ED1, ED2, ED3: Extreme­ment Dif­fi­cile” (extreme­ly dif­fi­cult); the most seri­ous climbs with the most con­tin­u­ous difficulties.

Alas­ka Grade:

An over­all grade reflect­ing the remote, cold, stormy nature of Alaskan climb­ing.
Grade 1: Easy glac­i­er route.
Grade 2: Not tech­ni­cal, but exposed to knife-edged ridges, weath­er, and high-alti­tude.
Grade 3: Mod­er­ate to hard, includ­ing some tech­ni­cal climb­ing.
Grade 4: Hard to dif­fi­cult, with tech­ni­cal climb­ing.
Grade 5: Dif­fi­cult, with sus­tained climb­ing, high com­mit­ment, and few bivouac sites.
Grade 6: Sus­tained hard climb­ing over sev­er­al thou­sand ver­ti­cal feet requir­ing high commitment.

F85 EF7 A9 B36 D 4 BF1 99 EA A61 ECC5367 A7

Moun­tain Mad­ness Trip Rating:

Using a blend of the descrip­tions found here Moun­tain Mad­ness has put togeth­er a basic descrip­tion that defines rating/​difficulty to include the fol­low­ing; skills need­ed, ter­rain expect­ed to encounter, and often numer­i­cal rat­ings such as the Yosemite Dec­i­mal System.

Begin­ner / No pri­or climb­ing expe­ri­ence is required. Climbers should be in good phys­i­cal con­di­tion and it is high­ly rec­om­mend­ed that they have some back­pack­ing expe­ri­ence. Exam­ples: Mount Bak­er Eas­t­on Glac­i­er or Mount Adams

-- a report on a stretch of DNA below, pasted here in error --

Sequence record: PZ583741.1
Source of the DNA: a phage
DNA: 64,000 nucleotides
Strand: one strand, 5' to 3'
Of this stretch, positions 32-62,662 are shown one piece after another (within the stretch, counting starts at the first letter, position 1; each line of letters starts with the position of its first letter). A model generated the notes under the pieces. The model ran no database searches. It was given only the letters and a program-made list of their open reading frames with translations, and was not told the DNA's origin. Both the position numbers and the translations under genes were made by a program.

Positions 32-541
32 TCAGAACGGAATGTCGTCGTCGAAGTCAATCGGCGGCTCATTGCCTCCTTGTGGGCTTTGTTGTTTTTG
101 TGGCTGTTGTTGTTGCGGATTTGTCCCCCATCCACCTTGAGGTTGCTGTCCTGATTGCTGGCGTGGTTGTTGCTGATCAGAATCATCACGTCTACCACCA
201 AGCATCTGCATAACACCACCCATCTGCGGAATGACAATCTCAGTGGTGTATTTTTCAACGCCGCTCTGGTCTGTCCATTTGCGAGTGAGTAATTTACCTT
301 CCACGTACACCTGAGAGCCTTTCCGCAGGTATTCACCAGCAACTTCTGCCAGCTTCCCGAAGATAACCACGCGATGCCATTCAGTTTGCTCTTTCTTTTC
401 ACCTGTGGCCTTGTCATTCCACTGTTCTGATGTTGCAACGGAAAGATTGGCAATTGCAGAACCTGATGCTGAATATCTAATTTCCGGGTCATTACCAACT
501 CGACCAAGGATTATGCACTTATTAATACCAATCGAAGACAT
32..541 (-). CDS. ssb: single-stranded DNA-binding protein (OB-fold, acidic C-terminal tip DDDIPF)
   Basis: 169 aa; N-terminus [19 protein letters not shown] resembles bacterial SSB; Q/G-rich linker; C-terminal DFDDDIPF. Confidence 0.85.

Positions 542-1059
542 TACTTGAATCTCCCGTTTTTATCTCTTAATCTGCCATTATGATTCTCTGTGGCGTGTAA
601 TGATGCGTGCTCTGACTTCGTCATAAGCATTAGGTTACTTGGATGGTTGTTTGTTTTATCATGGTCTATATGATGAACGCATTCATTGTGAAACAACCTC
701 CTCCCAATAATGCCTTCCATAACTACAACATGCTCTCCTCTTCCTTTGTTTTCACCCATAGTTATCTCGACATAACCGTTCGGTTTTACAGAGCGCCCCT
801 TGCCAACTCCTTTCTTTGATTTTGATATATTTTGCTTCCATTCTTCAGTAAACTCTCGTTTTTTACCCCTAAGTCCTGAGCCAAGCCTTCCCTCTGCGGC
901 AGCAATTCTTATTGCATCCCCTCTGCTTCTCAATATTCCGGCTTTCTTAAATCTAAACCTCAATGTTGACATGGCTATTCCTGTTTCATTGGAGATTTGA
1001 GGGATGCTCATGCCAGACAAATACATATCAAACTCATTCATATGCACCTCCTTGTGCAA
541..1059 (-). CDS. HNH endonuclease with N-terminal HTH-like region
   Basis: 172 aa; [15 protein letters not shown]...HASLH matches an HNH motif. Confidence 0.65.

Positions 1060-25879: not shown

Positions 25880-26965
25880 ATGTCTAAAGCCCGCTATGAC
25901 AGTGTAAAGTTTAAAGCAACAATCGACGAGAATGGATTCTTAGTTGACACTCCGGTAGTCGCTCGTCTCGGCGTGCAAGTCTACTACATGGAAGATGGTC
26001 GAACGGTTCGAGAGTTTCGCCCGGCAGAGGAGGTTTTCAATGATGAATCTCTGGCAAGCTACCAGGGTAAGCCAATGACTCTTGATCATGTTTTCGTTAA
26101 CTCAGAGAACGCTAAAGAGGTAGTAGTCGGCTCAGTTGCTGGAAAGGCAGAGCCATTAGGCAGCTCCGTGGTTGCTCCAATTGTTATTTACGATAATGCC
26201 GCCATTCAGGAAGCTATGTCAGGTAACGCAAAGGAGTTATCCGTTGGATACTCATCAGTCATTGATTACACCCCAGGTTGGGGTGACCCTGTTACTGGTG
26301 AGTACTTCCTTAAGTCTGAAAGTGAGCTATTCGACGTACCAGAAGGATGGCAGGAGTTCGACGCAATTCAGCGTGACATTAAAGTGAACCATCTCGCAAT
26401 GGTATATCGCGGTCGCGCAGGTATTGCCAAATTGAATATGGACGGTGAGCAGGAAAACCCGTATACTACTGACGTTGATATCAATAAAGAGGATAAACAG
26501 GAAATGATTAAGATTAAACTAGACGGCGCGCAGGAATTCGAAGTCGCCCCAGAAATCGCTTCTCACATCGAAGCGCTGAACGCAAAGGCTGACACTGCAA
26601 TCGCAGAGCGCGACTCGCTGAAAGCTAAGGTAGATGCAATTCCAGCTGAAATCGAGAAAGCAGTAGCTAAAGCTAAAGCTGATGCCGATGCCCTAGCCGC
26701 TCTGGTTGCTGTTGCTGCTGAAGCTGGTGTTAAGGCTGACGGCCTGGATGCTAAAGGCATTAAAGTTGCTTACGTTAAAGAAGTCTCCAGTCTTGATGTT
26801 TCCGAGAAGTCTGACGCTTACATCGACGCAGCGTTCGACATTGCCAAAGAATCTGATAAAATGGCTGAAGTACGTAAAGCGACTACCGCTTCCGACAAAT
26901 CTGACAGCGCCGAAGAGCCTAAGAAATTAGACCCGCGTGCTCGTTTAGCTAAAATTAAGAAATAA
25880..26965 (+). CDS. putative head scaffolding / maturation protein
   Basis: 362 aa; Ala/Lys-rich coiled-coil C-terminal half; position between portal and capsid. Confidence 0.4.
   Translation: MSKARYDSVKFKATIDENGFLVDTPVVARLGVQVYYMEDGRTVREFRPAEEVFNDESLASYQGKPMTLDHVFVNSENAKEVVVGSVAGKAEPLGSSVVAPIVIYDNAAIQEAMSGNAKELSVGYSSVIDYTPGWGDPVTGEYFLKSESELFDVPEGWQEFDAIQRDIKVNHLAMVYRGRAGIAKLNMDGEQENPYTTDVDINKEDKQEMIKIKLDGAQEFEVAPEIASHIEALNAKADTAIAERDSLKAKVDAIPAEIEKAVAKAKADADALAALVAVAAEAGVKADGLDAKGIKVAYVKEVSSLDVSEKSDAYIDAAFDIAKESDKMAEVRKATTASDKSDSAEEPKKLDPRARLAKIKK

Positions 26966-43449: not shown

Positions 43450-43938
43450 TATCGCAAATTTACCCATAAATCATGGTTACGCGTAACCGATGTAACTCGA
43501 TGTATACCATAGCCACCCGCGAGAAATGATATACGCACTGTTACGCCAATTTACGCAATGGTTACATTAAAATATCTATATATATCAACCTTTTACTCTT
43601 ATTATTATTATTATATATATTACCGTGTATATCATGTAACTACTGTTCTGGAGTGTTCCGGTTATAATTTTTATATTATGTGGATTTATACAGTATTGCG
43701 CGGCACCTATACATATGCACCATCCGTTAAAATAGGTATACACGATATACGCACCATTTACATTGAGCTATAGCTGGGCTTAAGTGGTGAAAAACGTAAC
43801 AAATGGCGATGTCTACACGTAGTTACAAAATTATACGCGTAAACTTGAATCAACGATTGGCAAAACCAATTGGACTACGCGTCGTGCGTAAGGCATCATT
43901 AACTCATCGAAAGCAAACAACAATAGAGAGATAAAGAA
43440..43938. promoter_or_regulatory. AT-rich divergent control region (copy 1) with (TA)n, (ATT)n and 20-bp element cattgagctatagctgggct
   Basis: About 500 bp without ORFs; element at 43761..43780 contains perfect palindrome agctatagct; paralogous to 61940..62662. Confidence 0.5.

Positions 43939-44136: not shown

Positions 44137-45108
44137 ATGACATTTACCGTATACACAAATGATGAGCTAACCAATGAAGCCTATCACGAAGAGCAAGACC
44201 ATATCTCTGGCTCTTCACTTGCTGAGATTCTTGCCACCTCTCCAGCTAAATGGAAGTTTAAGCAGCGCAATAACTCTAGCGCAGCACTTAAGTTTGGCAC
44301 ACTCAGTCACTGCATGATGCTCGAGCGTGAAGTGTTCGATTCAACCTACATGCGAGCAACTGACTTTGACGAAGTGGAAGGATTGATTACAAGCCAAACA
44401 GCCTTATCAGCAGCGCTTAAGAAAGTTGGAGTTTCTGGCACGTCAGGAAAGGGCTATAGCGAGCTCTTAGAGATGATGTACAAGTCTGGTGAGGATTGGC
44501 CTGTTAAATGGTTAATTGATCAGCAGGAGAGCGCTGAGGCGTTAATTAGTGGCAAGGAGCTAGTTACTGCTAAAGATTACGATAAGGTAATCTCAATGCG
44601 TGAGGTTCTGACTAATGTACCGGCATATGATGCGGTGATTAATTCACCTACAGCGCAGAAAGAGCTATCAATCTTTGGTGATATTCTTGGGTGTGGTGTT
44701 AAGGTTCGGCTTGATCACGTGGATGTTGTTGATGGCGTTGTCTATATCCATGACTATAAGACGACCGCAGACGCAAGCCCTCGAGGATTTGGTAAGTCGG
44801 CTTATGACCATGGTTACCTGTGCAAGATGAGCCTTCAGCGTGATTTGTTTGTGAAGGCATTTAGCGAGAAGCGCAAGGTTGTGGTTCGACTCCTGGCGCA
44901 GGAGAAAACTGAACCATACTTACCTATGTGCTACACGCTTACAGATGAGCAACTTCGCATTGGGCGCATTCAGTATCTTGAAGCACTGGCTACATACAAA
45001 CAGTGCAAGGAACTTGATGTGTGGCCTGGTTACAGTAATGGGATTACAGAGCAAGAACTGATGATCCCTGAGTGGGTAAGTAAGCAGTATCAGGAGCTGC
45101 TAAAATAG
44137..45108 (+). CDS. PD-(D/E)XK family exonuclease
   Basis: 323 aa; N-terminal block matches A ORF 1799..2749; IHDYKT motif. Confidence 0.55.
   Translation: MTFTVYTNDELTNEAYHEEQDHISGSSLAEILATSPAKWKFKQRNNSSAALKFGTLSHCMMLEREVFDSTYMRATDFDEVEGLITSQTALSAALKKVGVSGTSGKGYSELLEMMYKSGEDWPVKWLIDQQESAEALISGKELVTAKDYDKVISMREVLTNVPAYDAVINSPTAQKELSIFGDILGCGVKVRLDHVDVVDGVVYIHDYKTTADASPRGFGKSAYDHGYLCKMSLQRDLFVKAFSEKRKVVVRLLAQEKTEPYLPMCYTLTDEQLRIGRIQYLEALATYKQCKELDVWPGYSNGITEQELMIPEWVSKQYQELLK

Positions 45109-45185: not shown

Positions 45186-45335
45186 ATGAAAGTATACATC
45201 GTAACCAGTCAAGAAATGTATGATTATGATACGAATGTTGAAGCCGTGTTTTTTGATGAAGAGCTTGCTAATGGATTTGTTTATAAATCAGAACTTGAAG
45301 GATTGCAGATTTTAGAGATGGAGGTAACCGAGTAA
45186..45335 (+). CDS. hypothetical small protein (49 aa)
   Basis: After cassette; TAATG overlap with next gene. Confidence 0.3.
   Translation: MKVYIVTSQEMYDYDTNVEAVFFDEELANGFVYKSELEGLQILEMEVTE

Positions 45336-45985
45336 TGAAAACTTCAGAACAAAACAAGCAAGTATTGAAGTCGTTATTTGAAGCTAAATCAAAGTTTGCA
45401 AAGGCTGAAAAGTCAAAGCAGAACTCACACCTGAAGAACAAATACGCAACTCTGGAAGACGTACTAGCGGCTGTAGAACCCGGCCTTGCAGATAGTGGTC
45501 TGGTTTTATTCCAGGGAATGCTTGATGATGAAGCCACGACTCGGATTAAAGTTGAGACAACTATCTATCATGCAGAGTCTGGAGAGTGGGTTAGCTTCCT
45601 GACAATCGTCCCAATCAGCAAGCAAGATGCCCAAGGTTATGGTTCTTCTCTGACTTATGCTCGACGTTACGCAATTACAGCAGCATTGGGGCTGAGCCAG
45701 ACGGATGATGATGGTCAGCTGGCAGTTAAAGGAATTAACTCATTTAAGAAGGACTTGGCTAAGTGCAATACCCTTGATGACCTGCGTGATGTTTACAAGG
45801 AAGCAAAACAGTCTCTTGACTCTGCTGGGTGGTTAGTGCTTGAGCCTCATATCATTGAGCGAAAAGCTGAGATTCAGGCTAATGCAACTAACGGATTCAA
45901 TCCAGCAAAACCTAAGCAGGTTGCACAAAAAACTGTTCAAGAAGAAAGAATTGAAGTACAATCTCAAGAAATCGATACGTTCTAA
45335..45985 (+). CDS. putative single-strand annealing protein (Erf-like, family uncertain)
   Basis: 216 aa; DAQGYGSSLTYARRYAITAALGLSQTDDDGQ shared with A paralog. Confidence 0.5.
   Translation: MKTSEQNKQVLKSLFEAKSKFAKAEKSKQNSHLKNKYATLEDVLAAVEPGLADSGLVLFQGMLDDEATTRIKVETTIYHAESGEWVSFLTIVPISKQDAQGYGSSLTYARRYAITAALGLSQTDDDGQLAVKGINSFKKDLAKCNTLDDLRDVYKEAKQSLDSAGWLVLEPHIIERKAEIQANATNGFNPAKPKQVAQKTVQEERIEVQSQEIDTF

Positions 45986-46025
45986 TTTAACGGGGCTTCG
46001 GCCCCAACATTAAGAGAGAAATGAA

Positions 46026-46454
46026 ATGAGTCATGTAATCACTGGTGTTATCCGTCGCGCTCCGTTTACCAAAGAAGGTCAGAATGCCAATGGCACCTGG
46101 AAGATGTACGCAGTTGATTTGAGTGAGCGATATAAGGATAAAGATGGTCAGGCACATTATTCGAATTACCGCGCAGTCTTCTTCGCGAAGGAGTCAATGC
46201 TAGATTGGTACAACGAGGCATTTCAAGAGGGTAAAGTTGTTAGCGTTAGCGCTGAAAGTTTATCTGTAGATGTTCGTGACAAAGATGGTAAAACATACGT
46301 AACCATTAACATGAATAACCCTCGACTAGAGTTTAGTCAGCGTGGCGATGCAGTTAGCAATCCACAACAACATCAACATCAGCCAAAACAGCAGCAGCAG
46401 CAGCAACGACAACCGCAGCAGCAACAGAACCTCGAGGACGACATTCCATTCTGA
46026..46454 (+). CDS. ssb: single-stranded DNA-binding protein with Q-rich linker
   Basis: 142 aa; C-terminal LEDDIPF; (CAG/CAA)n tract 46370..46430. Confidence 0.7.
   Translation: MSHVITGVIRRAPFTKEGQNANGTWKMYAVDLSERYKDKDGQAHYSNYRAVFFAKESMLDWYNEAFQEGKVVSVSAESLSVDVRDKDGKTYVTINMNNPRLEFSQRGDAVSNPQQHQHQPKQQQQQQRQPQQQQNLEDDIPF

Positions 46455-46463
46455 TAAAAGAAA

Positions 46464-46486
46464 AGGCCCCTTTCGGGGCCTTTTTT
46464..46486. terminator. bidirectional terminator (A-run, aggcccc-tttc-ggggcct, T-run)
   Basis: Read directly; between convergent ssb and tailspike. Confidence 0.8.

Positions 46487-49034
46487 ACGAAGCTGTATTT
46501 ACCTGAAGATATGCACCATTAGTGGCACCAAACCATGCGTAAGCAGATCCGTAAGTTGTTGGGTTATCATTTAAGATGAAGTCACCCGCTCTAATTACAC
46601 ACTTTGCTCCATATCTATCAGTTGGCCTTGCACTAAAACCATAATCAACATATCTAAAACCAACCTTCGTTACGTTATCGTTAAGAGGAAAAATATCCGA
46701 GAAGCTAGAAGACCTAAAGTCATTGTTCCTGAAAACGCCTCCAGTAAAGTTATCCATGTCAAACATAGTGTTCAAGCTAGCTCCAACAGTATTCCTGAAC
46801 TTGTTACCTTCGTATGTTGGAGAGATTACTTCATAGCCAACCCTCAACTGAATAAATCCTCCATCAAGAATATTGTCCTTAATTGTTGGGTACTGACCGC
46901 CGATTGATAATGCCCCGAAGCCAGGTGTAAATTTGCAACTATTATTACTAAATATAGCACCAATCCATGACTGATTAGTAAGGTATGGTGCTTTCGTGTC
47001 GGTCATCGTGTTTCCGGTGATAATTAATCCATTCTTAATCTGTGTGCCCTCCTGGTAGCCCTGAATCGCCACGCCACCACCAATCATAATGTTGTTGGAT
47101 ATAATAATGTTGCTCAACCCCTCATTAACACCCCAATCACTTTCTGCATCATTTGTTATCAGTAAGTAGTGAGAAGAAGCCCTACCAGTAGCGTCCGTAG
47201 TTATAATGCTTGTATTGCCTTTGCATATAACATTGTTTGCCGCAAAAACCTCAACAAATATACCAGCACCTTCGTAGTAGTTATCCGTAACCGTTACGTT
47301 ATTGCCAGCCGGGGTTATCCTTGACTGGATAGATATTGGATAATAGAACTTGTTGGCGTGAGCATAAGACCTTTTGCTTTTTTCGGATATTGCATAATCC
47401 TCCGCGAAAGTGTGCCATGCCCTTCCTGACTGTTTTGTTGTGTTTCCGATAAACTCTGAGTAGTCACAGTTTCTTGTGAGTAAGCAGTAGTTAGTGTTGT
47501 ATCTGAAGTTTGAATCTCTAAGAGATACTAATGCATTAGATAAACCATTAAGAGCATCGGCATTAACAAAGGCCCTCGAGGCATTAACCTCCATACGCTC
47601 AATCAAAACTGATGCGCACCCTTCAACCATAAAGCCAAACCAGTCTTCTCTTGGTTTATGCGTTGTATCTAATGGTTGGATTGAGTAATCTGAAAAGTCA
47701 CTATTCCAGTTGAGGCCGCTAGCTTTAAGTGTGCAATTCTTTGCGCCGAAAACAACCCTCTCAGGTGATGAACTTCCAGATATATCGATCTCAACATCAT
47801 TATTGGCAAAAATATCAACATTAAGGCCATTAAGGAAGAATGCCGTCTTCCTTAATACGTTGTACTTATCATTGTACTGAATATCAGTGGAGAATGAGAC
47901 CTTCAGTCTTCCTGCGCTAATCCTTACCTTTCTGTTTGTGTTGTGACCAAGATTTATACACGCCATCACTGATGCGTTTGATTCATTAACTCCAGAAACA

Advanced Begin­ner / Climbers should have basic snow and ice-climb­ing skills and should be com­fort­able with glac­i­er trav­el, which includes mov­ing in a rope team, self arrest, and basic crevasse res­cue. Basic knowl­edge and expe­ri­ence would be required for objec­tives with some rock climb­ing. Exam­ples: Aconcagua, Mex­i­co Vol­ca­noes, or Mount Elbrus

Inter­me­di­ate / Climbers should be com­fort­able on mod­er­ate snow/​ice slopes up to 40 degrees, climb­ing on exposed ridges and/​or rock climb­ing expe­ri­ence up to 5.6−5.7 depend­ing on the objec­tive. You should have a past climb­ing expe­ri­ence with proven skills. Exam­ples: The Mat­ter­horn, Nun Peak, or For­bid­den Peak

Advanced Inter­me­di­ate / Climbers should be com­fort­able climb­ing on exposed ridges, 45 to 60 degree snow/​ice slopes and/​or 5.8 rock and have a well-round­ed past his­to­ry of climb­ing expe­ri­ence. Exam­ples: Ama Dablam, Mount Bak­er North Ridge, Mount Stu­art North Ridge, or the Eiger

Advanced / Climbers should be com­fort­able on 45 to 60 degree snow/​ice slopes, water­fall ice climb­ing up to WI3‑4, and/​or 5.8−5.9 rock at high alti­tudes. Par­tic­i­pants will have a well-round­ed his­to­ry of climb­ing expe­ri­ence. Exam­ples: The Moose’s Tooth, Mount Ever­est, Mount Logan, or the Pick­et Range Traverse

Mount Baker glacier mountaineering climb
Forbidden Peak West Ridge with Mountain Madness
Cordillera Blanca Peru Climbing with Mountain Madness

Aid Grades: